I met Steve Law, MacLaren’s winemaker, at this year’s Rhone Rangers grand tasting event and was immediately blown away by the fact that he was a dedicated cool-climate Syrah winemaker in California.  Most wineries that make a cooler climate style of Syrah don’t necessarily advertise it as such and as I mentioned in my previous Rhone Rangers post, cool-climate Syrah wineries are few and far between to start with.  Which begs the question (and the same one many probably ask about my blog):  What was Steve Law thinking by starting a winery dedicated to this style of Syrah?  In fact, on my way to Steve’s small winery operation, I stopped by an open house at Peay winery and had a brief conversation with the winemaker Vanessa Wong.  After hearing that I was heading to a winery in Healdsburg dedicated to cool-climate Syrah she paused, raise her eyebrows and replied, “Well, that’s the definition of insanity.”

Well, bring on the insanity.  This is my style of Syrah.  It was grown in the Bennett Valley appellation, which lies between Glen Ellen and the west side of Santa Rosa.  There are areas of Bennett Valley where the Syrah grapes barely reach ripeness and, in fact, some would say would be more suited for Pinot. (I don’t agree.)  I’ve had a few bigger styles of Syrah from this area but also a few elegant and savory Syrahs that scream cool-climate.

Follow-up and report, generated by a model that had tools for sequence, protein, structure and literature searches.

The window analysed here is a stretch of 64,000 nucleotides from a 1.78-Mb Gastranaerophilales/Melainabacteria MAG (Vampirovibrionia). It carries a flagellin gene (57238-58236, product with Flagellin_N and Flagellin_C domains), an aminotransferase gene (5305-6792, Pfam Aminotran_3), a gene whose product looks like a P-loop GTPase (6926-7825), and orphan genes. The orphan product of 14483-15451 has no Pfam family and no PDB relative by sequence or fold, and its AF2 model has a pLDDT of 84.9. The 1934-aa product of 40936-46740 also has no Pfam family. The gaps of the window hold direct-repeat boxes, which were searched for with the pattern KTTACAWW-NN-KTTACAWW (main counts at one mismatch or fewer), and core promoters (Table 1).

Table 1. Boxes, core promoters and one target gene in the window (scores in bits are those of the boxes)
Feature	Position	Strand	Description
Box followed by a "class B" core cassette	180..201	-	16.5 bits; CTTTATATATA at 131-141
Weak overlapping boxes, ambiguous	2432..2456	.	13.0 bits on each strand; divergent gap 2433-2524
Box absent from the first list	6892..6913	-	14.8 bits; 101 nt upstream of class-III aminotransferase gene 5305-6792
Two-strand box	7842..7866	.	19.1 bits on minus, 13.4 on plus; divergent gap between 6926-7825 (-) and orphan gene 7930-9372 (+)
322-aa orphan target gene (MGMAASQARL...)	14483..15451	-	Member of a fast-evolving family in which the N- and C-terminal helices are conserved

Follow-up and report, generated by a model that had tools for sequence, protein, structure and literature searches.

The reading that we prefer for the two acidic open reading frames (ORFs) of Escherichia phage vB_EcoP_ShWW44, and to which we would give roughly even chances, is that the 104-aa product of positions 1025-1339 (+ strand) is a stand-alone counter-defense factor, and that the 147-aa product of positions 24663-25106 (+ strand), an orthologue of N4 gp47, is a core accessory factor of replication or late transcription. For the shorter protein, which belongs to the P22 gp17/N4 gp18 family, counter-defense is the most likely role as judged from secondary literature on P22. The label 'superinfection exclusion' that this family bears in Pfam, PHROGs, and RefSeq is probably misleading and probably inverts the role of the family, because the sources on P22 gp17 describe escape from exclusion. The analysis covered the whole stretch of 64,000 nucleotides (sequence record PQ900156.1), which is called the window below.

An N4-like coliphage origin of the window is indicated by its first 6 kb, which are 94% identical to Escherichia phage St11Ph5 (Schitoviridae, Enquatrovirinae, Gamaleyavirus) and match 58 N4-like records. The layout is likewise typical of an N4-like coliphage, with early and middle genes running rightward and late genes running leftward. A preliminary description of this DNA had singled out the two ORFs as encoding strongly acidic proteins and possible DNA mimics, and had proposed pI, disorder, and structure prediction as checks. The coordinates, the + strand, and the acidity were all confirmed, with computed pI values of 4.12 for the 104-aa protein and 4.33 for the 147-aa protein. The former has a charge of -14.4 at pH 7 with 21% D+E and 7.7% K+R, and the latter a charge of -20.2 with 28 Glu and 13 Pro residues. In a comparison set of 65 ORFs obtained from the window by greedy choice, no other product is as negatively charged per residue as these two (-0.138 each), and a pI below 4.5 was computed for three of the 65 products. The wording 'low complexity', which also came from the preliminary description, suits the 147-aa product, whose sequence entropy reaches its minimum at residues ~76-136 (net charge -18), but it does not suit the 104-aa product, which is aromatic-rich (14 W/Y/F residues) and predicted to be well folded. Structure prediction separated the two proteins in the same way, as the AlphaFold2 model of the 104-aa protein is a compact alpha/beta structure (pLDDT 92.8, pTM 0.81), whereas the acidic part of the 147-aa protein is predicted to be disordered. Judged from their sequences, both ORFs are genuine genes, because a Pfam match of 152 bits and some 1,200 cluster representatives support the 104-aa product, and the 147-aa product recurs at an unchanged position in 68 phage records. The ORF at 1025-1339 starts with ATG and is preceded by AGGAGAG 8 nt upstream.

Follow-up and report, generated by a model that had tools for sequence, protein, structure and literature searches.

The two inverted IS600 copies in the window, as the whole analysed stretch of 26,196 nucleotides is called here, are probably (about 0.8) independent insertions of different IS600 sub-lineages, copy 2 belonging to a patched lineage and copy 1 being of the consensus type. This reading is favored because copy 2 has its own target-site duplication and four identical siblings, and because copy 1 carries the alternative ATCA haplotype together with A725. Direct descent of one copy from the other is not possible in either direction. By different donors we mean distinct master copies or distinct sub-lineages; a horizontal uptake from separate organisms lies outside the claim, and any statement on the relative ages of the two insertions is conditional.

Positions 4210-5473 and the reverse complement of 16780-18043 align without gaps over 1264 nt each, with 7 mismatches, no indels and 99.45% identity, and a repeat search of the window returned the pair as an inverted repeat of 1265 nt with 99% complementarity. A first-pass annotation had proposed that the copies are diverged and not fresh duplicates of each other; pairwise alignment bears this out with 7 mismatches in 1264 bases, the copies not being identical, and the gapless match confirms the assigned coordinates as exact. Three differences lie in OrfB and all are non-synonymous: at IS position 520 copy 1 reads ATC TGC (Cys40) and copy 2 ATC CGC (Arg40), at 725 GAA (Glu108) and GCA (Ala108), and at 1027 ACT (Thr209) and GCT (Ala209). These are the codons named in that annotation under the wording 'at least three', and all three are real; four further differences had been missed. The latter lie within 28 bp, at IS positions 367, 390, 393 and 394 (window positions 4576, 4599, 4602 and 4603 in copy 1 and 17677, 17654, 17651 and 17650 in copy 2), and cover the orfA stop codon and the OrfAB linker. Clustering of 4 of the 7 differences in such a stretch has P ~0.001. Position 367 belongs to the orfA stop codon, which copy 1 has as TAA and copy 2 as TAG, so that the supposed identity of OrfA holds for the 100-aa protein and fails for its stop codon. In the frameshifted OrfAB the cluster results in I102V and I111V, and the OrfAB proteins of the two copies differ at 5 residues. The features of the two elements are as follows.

The Judge Family Vineyard Syrah from MacLaren is a great example of how Northern California Syrah, when grown in the right environment, can reach the same heights as Northern Rhone Syrah.  This wine is really a dead ringer for a Northern Rhone Syrah – it’s got textbook bright plum, black olive and floral aromas.  There’s a lot of fresh fruit on this wine; this is not a jammy style of Syrah, which is something Steve Law is very proud of.  There’s also a lot of minerality and a very savory edge, almost like a salted plum.  The mid-palate is bright and transitions to a nice lift of acidity on the finish.  There is very little evidence of tannins on this wine and that’s exactly what Steve was trying to achieve.  This wine is up there with my absolute favorite Syrahs that I’ve tried for this blog.